Ivan Rabb went in the second round to the Memphis Grizzlies. Where does the California Golden Bears basketball alum figure in Memphis’s overall plans? And was Rabb utilized properly in the Pac-12 in his time at Cal?
Learn more from Grizzly Bear Blues about how Rabb was utilized at Cal, and his struggles from the post.
According to Synergy, 38.4 percent of Rabb’s shooting possessions finished in a post-up, and he shot 37.6 percent from the field. That’s average by post-up standards, bad from a team offense standpoint, and nearly a disaster if you project it to the NBA. It was his touch and footwork (good) working against his team’s lack of spacing and his own lack of strength (horrendous). Only elite post scorers and passers get the ball in the NBA, though, and things probably don’t boil down that way for Rabb.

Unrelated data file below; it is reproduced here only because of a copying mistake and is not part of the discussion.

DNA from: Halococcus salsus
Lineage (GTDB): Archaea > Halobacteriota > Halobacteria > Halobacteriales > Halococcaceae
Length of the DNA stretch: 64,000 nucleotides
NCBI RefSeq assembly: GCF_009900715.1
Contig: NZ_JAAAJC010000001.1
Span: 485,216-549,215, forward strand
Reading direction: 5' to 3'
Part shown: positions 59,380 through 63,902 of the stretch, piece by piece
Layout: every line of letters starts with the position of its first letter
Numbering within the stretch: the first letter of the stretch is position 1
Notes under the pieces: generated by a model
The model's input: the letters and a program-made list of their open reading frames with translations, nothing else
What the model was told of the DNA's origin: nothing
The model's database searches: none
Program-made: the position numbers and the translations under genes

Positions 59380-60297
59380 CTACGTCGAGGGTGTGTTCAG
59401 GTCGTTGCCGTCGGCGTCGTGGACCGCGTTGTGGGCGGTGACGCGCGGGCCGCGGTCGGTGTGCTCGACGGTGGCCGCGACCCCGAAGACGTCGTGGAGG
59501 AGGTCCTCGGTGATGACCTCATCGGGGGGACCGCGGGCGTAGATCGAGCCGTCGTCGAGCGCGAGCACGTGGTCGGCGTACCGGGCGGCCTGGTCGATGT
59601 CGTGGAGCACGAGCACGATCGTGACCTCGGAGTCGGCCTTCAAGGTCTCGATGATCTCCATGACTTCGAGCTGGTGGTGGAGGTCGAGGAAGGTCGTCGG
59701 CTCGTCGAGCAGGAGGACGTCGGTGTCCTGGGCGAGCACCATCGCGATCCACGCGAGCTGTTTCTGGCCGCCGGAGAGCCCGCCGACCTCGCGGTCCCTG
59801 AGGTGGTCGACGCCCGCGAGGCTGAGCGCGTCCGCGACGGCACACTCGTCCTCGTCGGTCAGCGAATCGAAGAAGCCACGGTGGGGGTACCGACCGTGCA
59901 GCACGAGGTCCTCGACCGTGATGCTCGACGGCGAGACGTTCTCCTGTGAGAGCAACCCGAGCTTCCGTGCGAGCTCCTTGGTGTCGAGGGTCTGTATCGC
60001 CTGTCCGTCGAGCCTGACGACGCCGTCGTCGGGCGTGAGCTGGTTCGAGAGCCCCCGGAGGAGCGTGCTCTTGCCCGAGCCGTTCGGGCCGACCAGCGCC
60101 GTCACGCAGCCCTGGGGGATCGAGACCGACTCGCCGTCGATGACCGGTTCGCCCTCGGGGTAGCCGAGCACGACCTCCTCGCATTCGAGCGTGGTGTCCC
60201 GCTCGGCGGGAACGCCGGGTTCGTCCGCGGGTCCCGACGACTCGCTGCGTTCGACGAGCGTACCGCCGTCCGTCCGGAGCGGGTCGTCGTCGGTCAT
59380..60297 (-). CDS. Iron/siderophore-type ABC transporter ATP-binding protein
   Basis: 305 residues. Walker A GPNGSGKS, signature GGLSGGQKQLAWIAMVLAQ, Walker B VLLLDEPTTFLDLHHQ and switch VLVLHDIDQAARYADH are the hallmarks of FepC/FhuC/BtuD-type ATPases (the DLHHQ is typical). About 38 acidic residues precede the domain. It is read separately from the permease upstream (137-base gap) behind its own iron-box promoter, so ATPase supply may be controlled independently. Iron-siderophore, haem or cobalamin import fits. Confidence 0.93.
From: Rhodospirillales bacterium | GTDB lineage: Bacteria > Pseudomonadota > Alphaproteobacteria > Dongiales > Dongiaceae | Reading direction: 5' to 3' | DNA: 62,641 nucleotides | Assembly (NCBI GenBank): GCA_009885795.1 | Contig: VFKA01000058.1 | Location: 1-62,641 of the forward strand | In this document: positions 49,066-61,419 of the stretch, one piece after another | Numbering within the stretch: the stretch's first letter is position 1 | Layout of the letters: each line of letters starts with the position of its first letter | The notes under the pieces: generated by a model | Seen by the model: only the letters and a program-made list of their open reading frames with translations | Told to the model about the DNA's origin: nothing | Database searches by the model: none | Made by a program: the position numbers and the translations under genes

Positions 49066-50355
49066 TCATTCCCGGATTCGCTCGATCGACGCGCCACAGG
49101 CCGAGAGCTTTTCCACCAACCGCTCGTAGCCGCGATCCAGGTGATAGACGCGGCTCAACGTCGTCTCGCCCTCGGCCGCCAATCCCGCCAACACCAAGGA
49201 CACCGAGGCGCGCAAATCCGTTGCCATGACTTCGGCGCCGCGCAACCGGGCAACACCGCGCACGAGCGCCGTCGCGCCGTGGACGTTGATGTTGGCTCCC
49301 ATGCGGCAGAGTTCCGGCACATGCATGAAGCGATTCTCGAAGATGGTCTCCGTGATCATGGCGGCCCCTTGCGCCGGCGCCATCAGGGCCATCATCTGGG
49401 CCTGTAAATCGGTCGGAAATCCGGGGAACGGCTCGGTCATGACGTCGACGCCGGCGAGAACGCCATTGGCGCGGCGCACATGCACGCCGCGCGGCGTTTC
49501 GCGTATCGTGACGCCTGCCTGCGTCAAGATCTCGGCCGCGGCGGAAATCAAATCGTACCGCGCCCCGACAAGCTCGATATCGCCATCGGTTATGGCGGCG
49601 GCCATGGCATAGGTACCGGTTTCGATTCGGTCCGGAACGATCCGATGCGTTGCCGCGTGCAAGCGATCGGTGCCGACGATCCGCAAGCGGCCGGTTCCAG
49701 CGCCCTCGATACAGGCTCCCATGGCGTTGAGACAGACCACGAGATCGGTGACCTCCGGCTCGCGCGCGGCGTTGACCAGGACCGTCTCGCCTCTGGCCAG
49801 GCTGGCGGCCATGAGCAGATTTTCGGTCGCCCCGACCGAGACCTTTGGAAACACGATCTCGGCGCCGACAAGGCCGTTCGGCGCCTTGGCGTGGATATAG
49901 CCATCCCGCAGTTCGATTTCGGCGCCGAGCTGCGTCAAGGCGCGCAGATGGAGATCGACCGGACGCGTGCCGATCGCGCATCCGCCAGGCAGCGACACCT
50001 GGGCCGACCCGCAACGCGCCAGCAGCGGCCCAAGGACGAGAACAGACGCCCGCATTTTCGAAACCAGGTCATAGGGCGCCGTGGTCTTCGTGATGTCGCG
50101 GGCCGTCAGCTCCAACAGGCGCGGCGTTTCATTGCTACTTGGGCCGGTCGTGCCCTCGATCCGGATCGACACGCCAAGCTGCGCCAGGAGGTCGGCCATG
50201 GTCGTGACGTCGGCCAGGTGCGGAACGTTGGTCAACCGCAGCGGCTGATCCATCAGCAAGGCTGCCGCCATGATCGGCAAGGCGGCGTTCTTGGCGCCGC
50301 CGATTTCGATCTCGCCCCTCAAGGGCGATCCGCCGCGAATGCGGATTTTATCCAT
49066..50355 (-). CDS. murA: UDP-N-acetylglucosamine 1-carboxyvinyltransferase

Here’s a scouting report of Rabb from California Golden Blogs.
Rebounding: Rabb was one of the best rebounders in college basketball, finishing in the top 200 in offensive rebounding rate (10.7%) and the top 40 in defensive rebound rate (25.6%). Even with two seven footers in Kingsley Okoroh and Kameron Rooks being major parts of the rotation, Rabb was the most productive rebounder. Rebounders get paid highly in the NBA—if Ivan can keep a nose for the ball, he’s going to have a career there.
Defensive potential: It probably didn’t get seen a ton because Kingsley Okoroh was the block machine and got most of the attention, but Rabb showed he has the mobility to switch onto guards and be effective at bodying up against post players. He still has trouble with his footwork on the perimeter and can’t quite contest effectively at the rim the way a traditional big can. But with enough training and conditioning you’d figure he can learn a ton of these skills effectively.